Indie Bookstores Aren’t Dead Yet

Something magical is happening: Indie bookstores are coming back for a few very interesting reasons. While the rise of digital books has definitely put a dent into the fortunes of bookstores – you can read all about it at your local Borders store – it seems something else is at play here.

The chart below is a bit misleading but it’s a useful signpost to understand the concept. Over the past decade, Indie bookstores closed at an alarming rate until about 2005. Then, over time, the numbers slowly started creeping up leading to positive growth in 2012. While this data represents that growth visually, it is taken from American Booksellers Association membership rolls which might not reflect the true number of indie bookstores.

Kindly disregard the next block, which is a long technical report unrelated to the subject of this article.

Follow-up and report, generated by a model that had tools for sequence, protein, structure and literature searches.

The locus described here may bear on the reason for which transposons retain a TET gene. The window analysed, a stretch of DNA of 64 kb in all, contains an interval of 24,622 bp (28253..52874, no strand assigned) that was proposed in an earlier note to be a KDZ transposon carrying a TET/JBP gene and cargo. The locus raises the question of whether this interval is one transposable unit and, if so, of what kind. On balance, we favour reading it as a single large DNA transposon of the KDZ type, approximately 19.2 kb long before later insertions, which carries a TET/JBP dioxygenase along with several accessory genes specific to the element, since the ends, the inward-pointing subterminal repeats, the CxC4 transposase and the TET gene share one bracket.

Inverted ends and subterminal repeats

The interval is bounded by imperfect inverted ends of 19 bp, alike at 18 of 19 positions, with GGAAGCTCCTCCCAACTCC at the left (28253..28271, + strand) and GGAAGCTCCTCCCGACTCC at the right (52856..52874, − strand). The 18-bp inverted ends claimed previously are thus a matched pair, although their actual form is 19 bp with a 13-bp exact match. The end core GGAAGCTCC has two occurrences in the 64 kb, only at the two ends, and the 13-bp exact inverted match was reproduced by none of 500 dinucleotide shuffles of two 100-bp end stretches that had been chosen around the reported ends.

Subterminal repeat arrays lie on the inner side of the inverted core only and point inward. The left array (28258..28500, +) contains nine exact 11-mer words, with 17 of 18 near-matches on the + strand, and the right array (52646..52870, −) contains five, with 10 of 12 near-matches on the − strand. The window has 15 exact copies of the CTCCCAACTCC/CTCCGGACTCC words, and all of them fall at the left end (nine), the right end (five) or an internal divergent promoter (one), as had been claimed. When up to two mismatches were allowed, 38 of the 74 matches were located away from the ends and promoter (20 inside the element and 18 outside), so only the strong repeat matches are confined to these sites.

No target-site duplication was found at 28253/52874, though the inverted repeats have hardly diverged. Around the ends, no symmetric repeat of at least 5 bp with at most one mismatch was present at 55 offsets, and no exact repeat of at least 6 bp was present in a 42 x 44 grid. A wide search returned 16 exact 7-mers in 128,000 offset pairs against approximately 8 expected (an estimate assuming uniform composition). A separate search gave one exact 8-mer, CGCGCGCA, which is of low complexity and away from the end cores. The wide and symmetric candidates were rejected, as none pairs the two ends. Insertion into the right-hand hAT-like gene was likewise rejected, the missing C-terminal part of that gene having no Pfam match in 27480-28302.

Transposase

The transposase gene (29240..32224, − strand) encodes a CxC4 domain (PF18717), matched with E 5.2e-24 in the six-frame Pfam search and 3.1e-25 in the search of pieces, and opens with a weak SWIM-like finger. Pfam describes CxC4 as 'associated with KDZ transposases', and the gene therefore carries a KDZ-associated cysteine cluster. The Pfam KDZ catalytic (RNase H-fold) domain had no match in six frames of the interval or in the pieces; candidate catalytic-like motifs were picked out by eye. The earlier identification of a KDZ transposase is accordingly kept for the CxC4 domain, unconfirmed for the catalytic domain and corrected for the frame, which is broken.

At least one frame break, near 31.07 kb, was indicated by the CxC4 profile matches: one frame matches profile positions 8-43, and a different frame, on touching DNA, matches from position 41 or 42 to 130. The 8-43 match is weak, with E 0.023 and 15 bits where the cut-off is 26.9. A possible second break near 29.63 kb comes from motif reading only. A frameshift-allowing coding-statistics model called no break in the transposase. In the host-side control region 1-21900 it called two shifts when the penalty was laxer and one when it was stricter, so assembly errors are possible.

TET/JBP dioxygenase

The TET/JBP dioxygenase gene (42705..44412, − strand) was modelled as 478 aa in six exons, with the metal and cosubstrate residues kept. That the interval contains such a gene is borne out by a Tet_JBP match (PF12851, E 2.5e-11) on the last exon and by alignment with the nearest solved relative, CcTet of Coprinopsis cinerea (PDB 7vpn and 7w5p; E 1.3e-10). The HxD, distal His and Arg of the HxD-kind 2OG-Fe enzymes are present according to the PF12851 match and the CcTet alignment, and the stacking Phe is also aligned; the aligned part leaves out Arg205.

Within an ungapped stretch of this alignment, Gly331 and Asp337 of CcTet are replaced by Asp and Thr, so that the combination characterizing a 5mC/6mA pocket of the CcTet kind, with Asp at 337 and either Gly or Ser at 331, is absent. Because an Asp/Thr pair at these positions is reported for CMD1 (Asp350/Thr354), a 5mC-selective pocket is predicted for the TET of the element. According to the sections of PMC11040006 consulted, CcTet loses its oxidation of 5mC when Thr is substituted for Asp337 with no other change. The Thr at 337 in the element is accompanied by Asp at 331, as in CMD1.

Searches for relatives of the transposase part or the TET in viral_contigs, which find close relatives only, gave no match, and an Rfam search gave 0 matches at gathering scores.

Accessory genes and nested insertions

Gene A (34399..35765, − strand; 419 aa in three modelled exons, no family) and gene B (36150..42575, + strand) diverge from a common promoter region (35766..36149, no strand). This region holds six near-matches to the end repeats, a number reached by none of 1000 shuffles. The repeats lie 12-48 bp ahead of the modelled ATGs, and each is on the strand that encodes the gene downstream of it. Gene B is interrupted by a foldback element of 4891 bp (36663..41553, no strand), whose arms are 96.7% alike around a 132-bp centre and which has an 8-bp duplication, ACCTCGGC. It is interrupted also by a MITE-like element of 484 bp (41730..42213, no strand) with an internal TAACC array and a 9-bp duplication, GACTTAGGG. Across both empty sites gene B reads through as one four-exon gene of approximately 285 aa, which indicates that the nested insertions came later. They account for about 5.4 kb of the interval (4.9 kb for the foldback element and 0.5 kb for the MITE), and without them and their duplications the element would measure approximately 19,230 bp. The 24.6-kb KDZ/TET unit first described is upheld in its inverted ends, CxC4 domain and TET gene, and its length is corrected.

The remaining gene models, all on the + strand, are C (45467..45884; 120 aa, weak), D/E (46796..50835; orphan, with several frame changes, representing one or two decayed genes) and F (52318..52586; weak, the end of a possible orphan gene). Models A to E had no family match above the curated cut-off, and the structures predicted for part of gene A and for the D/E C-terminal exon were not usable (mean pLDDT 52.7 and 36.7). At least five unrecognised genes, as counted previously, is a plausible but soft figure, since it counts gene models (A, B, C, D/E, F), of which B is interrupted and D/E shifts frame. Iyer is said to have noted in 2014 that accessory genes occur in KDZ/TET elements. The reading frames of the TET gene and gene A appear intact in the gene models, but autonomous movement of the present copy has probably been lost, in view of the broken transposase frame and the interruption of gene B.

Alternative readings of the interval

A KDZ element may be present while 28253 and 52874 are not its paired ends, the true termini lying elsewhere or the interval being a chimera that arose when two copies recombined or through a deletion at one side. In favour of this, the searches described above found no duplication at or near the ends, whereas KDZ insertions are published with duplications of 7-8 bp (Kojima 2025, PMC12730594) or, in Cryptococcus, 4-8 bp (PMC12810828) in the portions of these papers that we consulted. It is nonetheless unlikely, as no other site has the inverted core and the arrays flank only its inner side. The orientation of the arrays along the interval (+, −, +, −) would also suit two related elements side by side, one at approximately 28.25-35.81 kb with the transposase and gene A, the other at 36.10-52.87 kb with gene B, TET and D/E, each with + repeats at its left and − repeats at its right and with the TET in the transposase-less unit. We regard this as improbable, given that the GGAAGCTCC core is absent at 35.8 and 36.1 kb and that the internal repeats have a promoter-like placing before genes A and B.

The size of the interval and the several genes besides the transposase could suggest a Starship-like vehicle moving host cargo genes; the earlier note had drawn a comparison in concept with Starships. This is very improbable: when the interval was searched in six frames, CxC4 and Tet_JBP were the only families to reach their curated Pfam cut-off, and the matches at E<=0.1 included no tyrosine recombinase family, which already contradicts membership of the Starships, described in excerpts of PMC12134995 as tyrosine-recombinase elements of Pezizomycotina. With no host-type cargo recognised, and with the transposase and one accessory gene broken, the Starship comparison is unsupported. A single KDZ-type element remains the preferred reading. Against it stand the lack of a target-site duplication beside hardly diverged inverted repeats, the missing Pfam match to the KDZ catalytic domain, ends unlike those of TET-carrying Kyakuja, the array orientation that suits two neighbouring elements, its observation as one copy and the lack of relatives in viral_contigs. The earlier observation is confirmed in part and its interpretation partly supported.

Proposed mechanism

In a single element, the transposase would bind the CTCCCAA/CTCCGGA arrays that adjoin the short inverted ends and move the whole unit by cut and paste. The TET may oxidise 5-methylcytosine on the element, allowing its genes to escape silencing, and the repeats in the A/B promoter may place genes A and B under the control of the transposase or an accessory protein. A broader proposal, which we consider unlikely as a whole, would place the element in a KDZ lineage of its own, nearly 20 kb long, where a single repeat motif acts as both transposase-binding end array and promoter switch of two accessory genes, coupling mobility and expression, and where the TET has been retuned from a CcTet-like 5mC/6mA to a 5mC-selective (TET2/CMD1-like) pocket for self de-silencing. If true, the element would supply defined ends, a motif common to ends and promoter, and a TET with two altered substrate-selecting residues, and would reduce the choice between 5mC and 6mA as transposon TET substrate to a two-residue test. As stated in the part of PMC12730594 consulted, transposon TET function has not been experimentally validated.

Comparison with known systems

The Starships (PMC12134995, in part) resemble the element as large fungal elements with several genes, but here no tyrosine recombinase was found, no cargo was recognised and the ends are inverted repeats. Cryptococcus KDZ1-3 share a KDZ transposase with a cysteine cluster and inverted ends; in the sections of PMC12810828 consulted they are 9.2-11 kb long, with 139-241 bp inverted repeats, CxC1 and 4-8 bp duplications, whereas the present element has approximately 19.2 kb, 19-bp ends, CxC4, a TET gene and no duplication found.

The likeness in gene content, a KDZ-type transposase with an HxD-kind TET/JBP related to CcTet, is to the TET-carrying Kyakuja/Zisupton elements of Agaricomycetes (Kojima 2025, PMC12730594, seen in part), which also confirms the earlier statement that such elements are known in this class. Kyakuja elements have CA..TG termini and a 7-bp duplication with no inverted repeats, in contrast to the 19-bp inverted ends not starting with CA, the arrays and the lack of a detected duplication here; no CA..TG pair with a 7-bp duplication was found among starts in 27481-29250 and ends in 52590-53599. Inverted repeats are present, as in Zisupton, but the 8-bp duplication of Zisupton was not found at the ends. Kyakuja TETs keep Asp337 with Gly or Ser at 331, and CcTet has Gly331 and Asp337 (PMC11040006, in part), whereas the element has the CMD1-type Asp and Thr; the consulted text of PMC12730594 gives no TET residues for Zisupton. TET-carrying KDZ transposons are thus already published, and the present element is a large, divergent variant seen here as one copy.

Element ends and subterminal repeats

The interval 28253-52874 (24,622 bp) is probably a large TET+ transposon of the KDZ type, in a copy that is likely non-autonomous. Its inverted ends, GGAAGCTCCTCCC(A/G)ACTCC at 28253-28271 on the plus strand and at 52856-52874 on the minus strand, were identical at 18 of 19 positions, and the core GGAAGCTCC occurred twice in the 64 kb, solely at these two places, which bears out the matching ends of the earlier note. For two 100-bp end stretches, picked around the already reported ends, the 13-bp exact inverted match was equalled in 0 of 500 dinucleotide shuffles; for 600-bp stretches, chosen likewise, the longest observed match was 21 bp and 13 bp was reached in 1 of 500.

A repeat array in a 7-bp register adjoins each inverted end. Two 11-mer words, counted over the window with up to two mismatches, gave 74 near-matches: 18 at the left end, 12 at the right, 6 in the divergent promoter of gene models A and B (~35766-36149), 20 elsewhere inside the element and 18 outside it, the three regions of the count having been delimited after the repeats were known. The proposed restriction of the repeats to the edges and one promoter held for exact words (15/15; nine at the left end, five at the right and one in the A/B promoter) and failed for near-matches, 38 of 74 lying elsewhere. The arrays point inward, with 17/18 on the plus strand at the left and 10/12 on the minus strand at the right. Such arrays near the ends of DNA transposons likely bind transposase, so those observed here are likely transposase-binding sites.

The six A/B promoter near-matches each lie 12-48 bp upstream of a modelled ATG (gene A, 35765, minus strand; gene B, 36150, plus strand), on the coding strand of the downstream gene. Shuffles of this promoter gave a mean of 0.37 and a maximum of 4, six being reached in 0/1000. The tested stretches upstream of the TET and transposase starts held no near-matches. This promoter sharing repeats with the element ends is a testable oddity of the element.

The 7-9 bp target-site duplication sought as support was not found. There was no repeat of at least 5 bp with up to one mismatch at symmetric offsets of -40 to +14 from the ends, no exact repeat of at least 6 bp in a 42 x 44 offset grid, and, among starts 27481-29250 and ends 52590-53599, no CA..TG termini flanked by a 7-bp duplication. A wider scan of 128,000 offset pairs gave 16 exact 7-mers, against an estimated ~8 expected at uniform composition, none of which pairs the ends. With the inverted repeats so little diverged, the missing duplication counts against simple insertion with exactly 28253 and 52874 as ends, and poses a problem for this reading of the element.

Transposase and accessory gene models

Given this data, it’s clear that Amazon wasn’t the one that killed the bookstores – it was the rise of the big box players. After all, the first Kindle launched in 2007, a few years after the decline peaked. As Nate Hoffelder of The Digital Reader writes:

The thing is, Amazon wasn’t nearly big enough in the 1995-2002 period to be responsible for killing indie bookstores. No, that honor goes to the big box bookstore chains like B&N and Borders.

I don’t think paper booksellers are out of the swamps yet but there is one good reason they can stay alive: they act as a community hub and a place for authors to read and sell books. Just as recorded music didn’t kill concert halls, authors need a place to show up in person. If there were some way – and I’m sure there is – for bookstores to get a cut of ebook sales sold in store I think that could reduce some of the doldrums. Booksellers are now mostly coffee shops that happen to sell books. That’s definitely a noble profession and it’s definitely an important part of the bookselling ecosystem. And, thanks to the death of the Big Bookstore we’re almost guaranteed better selection, curation, and intelligence from the indies.